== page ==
Self-Reported Myers-Briggs Personality Types on Twitter
We collected the data for our analysis by utilising the academic Twitter API (V2). The four-letter acronyms associated with the Myers-Briggs Type Indicator (MBTI) give people a short categorisation of their personality that is easily self-reported on social media in the form of a regular expression. As a result, people are much more likely to self-report their categorical MBTI rather than other personality types. The four letter MBTI acronyms are also unique to the Myers-Briggs questionnaire, meaning they can be easily queried using the Twitter API. This also means these personality types won't be confused with any other acronym or word, reducing the likelihood we incorrectly classify any users. When we initially explored Twitter, we found that some users self-reported their personality type in their biography and other users would self-report their personality types in their tweets. As a result, we formulated two methods for querying and labelling the Myers-Briggs personality type of accounts. We describe the two methods below:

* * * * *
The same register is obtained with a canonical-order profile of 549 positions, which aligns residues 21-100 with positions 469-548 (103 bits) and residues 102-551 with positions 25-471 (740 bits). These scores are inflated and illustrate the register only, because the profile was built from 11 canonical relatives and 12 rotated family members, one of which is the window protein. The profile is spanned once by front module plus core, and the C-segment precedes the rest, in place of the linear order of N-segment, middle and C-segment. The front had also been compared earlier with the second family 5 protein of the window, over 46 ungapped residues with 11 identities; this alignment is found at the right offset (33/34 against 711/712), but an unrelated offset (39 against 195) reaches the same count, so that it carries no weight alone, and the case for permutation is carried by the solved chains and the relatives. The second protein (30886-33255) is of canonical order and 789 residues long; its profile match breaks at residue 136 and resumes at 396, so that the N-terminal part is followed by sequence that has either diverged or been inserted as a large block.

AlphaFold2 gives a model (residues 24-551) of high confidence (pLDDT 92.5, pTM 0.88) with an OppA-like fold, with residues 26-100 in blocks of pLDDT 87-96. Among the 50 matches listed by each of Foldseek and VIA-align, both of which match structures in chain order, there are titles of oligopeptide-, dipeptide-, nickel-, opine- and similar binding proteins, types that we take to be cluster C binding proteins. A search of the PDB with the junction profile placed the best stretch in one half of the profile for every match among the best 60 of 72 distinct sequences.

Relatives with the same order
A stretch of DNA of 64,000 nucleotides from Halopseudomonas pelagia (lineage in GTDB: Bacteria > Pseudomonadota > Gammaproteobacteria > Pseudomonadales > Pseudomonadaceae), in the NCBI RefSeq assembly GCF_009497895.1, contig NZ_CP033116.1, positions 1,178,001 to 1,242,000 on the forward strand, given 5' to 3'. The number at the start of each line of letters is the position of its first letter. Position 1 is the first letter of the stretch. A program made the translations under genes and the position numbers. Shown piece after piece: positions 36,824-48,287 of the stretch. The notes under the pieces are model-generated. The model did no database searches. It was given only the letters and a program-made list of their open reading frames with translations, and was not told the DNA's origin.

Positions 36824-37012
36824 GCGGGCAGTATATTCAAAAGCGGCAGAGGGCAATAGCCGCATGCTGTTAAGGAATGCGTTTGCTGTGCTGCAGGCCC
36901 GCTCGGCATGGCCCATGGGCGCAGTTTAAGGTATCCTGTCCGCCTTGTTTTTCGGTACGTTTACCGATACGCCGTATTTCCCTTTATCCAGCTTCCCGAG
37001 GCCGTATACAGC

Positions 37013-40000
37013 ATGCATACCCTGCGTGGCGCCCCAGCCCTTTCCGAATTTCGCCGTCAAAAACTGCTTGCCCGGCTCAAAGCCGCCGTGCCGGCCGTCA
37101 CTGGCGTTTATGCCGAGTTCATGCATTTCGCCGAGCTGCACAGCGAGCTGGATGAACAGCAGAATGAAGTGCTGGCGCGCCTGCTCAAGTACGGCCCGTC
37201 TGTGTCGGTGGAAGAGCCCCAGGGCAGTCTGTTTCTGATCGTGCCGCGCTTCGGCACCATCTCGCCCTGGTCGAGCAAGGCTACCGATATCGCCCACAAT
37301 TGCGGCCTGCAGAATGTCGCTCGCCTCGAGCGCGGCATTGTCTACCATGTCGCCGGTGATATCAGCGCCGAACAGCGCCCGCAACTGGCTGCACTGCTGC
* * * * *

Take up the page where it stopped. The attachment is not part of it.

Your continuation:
Firstly, we used Tweepy's 'search_users' endpoint to obtain the set of users who currently self-report their MBTI in their username or biography. Due to the rate limits associated with this endpoint we were limited to obtaining no more than 1000 users for each unique search query.
Secondly, we used the Twitter API's 'full_archive_search' endpoint to obtain the set of users who self-reported their Myers-Briggs personality type in a Tweet since Twitter's creation (March 26, 2006). We searched for users who tweeted any of the three regular expressions, followed by their personality type: 'I am...', 'I am a...' or 'I am an...'. Note that we only searched for self-reports in Tweets and excluded Retweets, Quotes and Replies in our query due to these having a much higher potential of incorrectly labelling an account. Furthermore, we were bound by rate limits of 300 requests per 15-minute window, however there were no hard bounds on the number of tweets or users we could obtain. As a result, we ran this query for each personality type until the search was exhausted.
Note that in both cases, the queries were not case-sensitive.
In the attached dataset, we provide both the Twitter User IDs and the Myers-Briggs Personality Types associated with the 68,958 users obtained using the two methods discussed above. We provide this dataset prior to any preprocessing steps performed in our paper.